Referring to FIG. 1, a preferred embodiment of the present invention is designated generally by the numeral 10. A curved resilient frame 12 has disconnected ends 18 and 20. Extending radially inwardly on opposite sides of the frame 12 are the flanges 14 which serve to secure an ornamental element or a coin within the frame. The entire outer surface 16 of the frame 12 is knurled.
A connecting piece in the form of a saddle 22 has radially downwardly extending flanges 26, and flanges 28 integral with the flanges 26 and which extend axially inwardly. The outer surface 30 of the saddle 22 is knurled, and the curvature of that saddle is substantially similar to the curvature of the frame 12. As best shown in FIGS. 4 and 5, the inner surface of the saddle 22 is knurled at least over the portion 24 thereof adapted to receive the frame end 18, that being the right hand half of the saddle 22 as viewed in the drawings.
Referring to FIG. 4, the saddle 22 is attached to the disconnected end 20 by inserting that disconnected end into that saddle and securing the parts together in any appropriate manner, as by soldering or by crimping or bending the flanges 26 and 28 about the flanges 14. Once the saddle 22 is secured to the disconnected end 20, the flanges are contiguous with the flanges 14, as best shown in FIG. 6.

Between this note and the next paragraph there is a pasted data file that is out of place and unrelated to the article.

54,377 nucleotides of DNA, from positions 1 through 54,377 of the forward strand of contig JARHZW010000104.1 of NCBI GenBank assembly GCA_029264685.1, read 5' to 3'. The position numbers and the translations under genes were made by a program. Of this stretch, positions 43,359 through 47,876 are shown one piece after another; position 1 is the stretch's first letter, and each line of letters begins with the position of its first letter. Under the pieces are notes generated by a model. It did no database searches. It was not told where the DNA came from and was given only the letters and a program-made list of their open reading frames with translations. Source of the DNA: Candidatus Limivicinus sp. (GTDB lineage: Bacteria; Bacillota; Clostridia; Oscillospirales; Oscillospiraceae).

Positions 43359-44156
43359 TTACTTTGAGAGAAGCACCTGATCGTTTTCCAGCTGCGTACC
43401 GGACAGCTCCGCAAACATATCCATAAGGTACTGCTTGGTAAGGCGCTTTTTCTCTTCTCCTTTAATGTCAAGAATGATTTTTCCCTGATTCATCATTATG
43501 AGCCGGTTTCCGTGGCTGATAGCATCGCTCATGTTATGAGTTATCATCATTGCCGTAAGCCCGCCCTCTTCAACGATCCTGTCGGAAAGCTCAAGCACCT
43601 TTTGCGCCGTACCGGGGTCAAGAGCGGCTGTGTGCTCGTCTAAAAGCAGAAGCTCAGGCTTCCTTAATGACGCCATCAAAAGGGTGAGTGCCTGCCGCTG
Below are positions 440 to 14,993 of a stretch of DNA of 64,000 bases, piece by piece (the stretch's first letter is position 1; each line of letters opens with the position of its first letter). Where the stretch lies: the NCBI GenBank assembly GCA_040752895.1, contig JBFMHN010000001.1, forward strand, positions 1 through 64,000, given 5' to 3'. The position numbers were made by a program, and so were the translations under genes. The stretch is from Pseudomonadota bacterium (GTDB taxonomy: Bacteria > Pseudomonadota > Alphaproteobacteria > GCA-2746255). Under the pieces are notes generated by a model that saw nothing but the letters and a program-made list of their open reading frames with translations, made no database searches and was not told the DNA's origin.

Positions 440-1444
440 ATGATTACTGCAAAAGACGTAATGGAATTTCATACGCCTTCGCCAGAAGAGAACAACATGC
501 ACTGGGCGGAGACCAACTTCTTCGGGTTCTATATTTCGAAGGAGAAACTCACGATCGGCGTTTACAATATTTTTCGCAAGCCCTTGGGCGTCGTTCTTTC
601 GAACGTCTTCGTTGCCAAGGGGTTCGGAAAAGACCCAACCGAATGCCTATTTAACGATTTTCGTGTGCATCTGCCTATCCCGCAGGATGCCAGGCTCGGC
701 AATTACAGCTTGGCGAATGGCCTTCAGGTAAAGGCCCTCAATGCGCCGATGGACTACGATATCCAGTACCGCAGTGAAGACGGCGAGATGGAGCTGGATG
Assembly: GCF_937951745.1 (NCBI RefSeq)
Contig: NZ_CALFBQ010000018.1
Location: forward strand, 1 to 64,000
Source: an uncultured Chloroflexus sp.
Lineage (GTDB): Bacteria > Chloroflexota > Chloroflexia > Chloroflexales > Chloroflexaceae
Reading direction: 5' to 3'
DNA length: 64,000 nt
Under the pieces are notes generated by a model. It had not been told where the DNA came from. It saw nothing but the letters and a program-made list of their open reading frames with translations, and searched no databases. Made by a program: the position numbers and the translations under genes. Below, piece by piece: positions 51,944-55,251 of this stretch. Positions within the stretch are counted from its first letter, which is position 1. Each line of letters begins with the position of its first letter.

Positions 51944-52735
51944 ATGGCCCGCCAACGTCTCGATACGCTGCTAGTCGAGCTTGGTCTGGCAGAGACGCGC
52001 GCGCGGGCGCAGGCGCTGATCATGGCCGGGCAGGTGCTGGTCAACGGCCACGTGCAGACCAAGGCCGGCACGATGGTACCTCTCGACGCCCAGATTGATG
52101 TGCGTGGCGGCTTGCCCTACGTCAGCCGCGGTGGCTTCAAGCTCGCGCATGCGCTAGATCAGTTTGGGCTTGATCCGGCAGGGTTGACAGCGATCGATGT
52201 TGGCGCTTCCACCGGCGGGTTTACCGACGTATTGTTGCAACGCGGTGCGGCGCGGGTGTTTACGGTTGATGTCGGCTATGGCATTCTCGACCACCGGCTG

Referring now to FIGS. 2 and 3, an ornamental element 34 is placed within the flanges 14 after the frame has been expanded to a diameter slightly larger than that of the ornamental element. To secure the ornamental element 34 within the frame 12, the disconnected frame end 18 is inserted into the saddle 22 through the necessary frame length, whereby the diameter of the frame 12 is reduced to closely correspond to the diameter of the ornamental element 34. The disconnected end 18 is held within the saddle 22 by the meshing of its outer knurled surface 16 with the inner knurled surface 24 (as shown in FIG. 5). Ornamental elements 34 or coins of varying sizes may be secured within the frame 12 by merely expanding that frame to a diameter which is greater than the diameter of the ornamental element 34, and repeating the procedure, whereby the disconnected end 18 is inserted into the saddle 22, with the corresponding knurled surfaces meshing. Dif ferent sized ornamental elements produce a different size separation 32 between the disconnected ends 18 and 20, corresponding to the length of frame 12 received within the saddle 22. Removal of an ornamental element 34 is effected by gripping the frame 12 adjacent the disconnected end 18 and forcing that disconnected end out of the saddle 22. The knurled surfaces 16 and 24 slide over each other until the disconnected end 18 is free of the saddle 22. The frame 12 can then be expanded to a diameter slightly greater than that of the ornamental element 34, such that the ornamental element 34 may be removed therefrom, and a different element or coin may be placed therewithin.